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Why Rain Actually Makes Your Allergies Feel Worse, According To Doctors

Discussion in 'Immunology and Rheumatology' started by Mahmoud Abudeif, Apr 7, 2021.

  1. Mahmoud Abudeif

    Mahmoud Abudeif Golden Member

    Mar 5, 2019
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    The arrival of spring means warmer temperatures, green grass, and flowers in bloom—a welcome change after a long winter. But if you suffer from allergies, you may be less enthused since seasonal changes can lead to itchy, watery eyes, sneezing, and sniffling.


    Think April showers will help wash all that pollen away? Not so fast. According to doctors, rain can actually make allergies worse. Ahead, allergists explain why the weather change can spur uncomfortable symptoms, plus how to find relief.

    How does rain make allergies worse?

    Initially, a spring shower can seem like a good thing: “The pollen that’s in the air may cling to rain drops and literally get washed from the air,” says Stanley Schwartz, M.D., Ph.D., division chief of Allergy-Immunology-Rheumatology at the University at Buffalo in New York.

    But rain can also break up pieces of pollen on the ground, spreading them further. “The pollen grains can rupture, and you get these fragments that remain in the air for quite some time,” explains Catherine Monteleone, M.D., an allergist-immunologist and professor at Rutgers Robert Wood Johnson Medical School. “Those can get deep into your nose and lungs and cause allergy symptoms.”

    Rain can also indirectly make pollen counts worse by nourishing the plants that release pollen into the air, Dr. Schwartz says. “Rain and warm weather all stimulate flowering plants, leading to more luxuriant plant growth,” he says. “If you have a good warm and wet season, the pollen counts can end up being very high.”

    Grass and weed pollen can be especially triggering for allergy sufferers, says Purvi Parikh, M.D., an allergist and immunologist with the Allergy & Asthma Network. “For some people, it can be dangerous and trigger serious breathing issues and asthma attacks,” she notes.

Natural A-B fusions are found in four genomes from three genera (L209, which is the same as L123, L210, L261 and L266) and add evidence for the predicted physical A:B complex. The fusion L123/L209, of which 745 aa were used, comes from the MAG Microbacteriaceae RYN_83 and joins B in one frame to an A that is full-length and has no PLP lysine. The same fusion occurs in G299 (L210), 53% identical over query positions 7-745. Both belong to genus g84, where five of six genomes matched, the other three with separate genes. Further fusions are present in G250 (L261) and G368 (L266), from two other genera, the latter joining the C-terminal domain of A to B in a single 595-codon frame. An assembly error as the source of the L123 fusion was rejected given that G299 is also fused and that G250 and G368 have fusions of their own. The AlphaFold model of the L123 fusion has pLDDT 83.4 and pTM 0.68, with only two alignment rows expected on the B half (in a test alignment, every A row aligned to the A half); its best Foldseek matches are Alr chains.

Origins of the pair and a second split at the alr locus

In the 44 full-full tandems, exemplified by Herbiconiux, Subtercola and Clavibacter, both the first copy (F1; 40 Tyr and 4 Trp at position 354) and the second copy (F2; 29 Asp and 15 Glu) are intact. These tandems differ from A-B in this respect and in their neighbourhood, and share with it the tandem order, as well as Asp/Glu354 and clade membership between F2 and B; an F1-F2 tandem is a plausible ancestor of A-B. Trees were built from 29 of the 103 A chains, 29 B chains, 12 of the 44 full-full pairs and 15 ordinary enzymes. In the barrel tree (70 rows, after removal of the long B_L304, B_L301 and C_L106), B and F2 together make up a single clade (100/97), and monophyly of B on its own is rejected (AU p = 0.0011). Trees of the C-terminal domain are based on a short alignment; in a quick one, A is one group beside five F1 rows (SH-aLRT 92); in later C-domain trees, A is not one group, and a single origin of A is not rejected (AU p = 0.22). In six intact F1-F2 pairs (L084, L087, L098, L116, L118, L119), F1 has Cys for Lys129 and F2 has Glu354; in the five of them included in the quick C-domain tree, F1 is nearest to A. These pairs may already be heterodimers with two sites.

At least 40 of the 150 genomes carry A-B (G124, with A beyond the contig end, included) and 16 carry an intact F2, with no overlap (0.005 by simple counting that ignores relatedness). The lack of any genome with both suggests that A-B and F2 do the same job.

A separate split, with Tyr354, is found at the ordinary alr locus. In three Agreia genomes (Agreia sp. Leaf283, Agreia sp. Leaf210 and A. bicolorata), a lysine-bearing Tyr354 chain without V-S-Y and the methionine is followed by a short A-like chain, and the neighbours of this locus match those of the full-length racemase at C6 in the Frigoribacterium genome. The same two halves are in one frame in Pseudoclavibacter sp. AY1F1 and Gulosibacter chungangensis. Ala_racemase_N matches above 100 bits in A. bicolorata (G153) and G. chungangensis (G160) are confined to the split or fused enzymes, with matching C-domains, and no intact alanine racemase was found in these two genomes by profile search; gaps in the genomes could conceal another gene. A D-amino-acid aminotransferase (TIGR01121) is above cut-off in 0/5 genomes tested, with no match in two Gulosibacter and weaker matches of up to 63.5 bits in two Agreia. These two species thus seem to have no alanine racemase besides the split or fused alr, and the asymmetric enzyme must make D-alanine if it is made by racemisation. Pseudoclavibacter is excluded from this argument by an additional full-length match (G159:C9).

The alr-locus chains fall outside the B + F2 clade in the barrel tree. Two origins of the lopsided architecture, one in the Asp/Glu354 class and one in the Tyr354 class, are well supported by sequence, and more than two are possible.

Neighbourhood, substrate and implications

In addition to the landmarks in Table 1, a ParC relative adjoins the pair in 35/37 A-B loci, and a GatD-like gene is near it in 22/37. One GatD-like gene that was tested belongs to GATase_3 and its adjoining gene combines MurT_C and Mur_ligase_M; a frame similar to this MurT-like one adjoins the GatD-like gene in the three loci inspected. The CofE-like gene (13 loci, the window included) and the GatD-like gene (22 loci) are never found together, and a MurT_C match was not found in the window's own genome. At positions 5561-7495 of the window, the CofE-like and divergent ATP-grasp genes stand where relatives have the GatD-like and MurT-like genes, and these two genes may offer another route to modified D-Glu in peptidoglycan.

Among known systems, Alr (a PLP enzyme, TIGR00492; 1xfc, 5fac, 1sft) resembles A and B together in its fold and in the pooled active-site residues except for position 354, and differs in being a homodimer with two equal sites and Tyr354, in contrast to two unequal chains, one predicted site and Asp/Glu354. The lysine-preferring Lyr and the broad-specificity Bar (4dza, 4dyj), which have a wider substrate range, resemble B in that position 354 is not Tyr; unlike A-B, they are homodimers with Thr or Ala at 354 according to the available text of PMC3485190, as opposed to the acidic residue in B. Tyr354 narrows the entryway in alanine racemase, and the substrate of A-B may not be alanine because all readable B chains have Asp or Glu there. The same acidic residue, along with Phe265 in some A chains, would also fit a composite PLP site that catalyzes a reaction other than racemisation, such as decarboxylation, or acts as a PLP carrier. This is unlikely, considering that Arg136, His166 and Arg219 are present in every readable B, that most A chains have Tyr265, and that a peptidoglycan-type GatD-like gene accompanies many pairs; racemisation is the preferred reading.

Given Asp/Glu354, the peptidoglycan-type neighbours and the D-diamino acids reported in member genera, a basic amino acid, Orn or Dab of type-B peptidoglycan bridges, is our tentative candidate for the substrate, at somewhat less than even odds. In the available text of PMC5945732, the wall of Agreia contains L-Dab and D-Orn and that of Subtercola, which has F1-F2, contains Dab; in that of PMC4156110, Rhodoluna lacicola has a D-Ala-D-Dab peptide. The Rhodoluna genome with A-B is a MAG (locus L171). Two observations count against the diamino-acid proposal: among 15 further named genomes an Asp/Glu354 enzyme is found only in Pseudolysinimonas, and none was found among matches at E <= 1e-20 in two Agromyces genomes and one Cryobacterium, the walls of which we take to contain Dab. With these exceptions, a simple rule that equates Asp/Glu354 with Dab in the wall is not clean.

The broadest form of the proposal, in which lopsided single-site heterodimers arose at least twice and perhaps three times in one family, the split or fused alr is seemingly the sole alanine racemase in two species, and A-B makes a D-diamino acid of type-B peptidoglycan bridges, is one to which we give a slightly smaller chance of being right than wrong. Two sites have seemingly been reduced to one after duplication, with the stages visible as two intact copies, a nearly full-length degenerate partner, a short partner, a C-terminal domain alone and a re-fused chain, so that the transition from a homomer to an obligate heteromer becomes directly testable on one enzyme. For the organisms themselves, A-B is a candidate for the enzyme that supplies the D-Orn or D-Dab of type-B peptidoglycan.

In rare situations, thunderstorms can trigger asthma attacks due to a phenomenon known as “thunderstorm asthma,” which is when a combination of air flow, humidity, and electricity stir up pollen in the air, triggering symptoms in some people.

    How long will allergy symptoms feel worse after a rainstorm?

    You’ll likely experience an increase in symptoms for up to 12 hours after the rain clears, depending on wind conditions, Dr. Monteleone says. The storm can also trigger a reaction that will last days or even weeks “if not properly treated,” Dr. Parikh adds.

    What can you do to alleviate your allergy symptoms?

    You’ll want to take the same steps you would on high pollen days. Here’s how to keep your allergy symptoms at bay:
    • Keep your windows closed. Doing so will help keep pollen out of your home, where it can aggravate your symptoms, Dr. Monteleone says.
    • Turn on your air conditioning. This should help filter out any pollen that may be lingering in the air and keep you cool without needing to open your windows.
    • Stay indoors when it’s raining. Staying out of the storm is particularly important during heavy rains, Dr. Monteleone says, since pollen fragments are immediately released into the air.
    • Take your allergy meds. Whether it’s a long-acting medication or one meant for short-term relief, make sure you’re taking your allergy medication as prescribed, Dr. Parikh says.
    • Wear a mask when you go outside. Turns out, the face mask you’ve been wearing to reduce the spread of COVID-19 can also help protect you from pollen particles in the air, Dr. Monteleone says.
    • Put on a pair of sunglasses. Wearing sunglasses can help keep pollen out of your face and eyes, Dr. Monteleone notes.
    If you find that your allergy symptoms aren’t getting any better, it might be time to talk to your doctor. They may recommend you try a new medication or even consider allergy shots, which use a tiny amount of pollen or another allergen to build up your tolerance to it.

    “They’re very effective,” Dr. Schwartz says. In other words, they might just allow you to get out there and enjoy the spring weather—rain or shine!


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